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    Question Rescue Ambulance

    Most fire departments staff their Ambulances with dual trained Fire/EMS personnel. Some of these will staff a station with 2 or 3 Firefighters and then they choose between an Ambulance or Fire Apparatus based on the call. I would like to see how your department uses your ambulances to provide more than strictly EMS. Do you have a small CAFS system? Do you carry large Water Cans or other hand held extinguishers? SCBA? Wetsuit or Drysuit for Ice/Swiftwater rescues? Give me a description and throw out a picture of how your compartments are laid out.

    Here is a pic of FDNY's Haz Tac units to start off.

    http://farm4.static.flickr.com/3031/...39d39f.jpg?v=0

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    We run 13 ALS ambulances, and each is equipped with two SCBA, irons, handlights, personal lights, and a 2.5 gallon water can, and a large compartment for the two personnel to store thier gear for the tour.

    We staff the ambulance and the other rigs in each station, so we don't have to choose which rig to take when the tones activate.

    Our ambulances (by our response matrix) will generally assume EMS and rehab on arrival, unless the IC determines they're needed for RIT, at which time, at least one more (but sometimes two) additional ambulances will be summoned to the scene to back fill the EMS/rehab role.
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    Are the Haz-Tac units from FDNY staffed by Firefighters or by EMTs?
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    I believe they are staffed with two Paramedics. The Paramedics are trained as Hazardous Materials Technicians, and some are also trained as Confined Space Rescue Technicians. These Haz Tac units train with units under the Special Operations Command.
    Last edited by viperfire1; 05-27-2009 at 01:47 AM.

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    Quote Originally Posted by BoxAlarm187 View Post
    We run 13 ALS ambulances, and each is equipped with two SCBA, irons, handlights, personal lights, and a 2.5 gallon water can, and a large compartment for the two personnel to store thier gear for the tour.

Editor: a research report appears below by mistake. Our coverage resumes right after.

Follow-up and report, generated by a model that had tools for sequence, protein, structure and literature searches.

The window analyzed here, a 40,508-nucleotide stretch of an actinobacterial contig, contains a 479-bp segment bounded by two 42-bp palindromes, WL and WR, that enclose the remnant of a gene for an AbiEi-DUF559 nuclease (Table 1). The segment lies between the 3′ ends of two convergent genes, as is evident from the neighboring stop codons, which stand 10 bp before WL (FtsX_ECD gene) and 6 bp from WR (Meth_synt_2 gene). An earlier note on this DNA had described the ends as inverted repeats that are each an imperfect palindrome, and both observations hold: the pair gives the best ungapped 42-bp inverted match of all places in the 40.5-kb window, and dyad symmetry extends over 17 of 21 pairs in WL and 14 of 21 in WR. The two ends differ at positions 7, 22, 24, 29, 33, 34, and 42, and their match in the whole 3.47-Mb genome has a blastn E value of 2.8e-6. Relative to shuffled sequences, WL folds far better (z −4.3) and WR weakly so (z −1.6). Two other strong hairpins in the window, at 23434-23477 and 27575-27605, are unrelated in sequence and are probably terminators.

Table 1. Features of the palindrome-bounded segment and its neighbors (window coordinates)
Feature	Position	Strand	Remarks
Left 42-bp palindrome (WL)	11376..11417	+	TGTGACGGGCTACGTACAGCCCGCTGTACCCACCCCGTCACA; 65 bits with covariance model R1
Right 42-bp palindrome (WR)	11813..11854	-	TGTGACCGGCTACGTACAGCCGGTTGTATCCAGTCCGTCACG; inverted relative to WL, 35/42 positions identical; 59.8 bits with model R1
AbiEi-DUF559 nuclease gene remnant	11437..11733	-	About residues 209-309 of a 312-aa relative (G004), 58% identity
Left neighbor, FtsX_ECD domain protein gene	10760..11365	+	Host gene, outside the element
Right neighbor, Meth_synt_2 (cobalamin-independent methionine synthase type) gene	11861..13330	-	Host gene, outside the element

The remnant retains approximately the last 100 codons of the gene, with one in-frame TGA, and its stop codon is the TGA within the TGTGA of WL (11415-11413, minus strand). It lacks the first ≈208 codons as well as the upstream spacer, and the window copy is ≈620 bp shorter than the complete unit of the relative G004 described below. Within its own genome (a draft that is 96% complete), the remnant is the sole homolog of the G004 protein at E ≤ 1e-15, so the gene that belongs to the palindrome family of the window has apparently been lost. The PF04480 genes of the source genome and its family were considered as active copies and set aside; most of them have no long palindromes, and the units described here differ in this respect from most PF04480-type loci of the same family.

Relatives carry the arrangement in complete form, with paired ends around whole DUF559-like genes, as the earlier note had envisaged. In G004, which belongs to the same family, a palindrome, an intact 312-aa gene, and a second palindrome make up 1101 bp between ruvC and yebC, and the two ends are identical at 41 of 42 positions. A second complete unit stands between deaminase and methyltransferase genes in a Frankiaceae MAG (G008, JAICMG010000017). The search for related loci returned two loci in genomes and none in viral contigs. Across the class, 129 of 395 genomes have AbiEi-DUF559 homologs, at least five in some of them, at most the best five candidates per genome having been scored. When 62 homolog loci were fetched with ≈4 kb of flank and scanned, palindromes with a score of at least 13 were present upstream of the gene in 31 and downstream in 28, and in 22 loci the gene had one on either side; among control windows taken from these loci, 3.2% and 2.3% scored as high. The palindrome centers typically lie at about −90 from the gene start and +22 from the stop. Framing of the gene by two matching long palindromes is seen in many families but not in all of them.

Ditto, minus 10 ambulances. We run three ALS units set up as described by Box.

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    Quote Originally Posted by BoxAlarm187 View Post
    We run 13 ALS ambulances, and each is equipped with two SCBA, irons, handlights, personal lights, and a 2.5 gallon water can, and a large compartment for the two personnel to store thier gear for the tour.
    Same goes for us.

    There is a Combination EMS dept. near me that also runs a rescue that recently placed an order for a new ALS unit that includes a cafs system, a pre-connected tool(s) SCBA's, and a few other more "fire" related items. needless to say it's raising a few eyebrows and stiring the pot with some of the neighboring FD's. I don't remember who's building it, but when it comes in I'll try and get a picture of it posted.
    Last edited by RoofTopTrucky; 05-27-2009 at 08:25 PM.
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    Default It's being done more and more

    I know Rosenbauer introduced a full size pumper a few years ago that had transport capabilities and some of the ambulance builders are making units with some sort of fire suppression product installed. Here are some photos of a new concept Crimson just came out with. There are 4 modules that can be mixed and matched to the departments requirements. You can have the bone box in the rear or up front like the one in the photo. Can mount on a 4 door commercial chassis or a Furion custom.
    Attached Images Attached Images      

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    No problemo for us,NO busses. FIRE only.Will that be an Engine,Tank,or a Ladder? T.C.

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    Quote Originally Posted by RoofTopTrucky View Post
    Same goes for us.

    There is a Combination EMS dept. near me that also runs a rescue that recently placed an order for a new ALS unit that includes a cafs system, a pre-connected tool(s) SCBA's, and a few other more "fire" related items. needless to say it's raising a few eyebrows and stiring the pot with some of the neighboring FD's. I don't remember who's building it, but when it comes in I'll try and get a picture of it posted.
    It was built by Horton Ambulance on an International Chassis. It came in a few weeks or so ago. There are a few pictures of it on the dealer's website, but none really show the "extras" in great detail.

    http://www.kolaja.com/recentdeliveries.html

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    I've got 15 ALS Med Units. All are equipped the same. A compartment for the 2 SCBA's and bunker gear, and the others for backboards, extinguishers, and the rest of the stuff (for lack of a better description). They also have a tellular system for 12 lead cardiac signals to all the hospitals.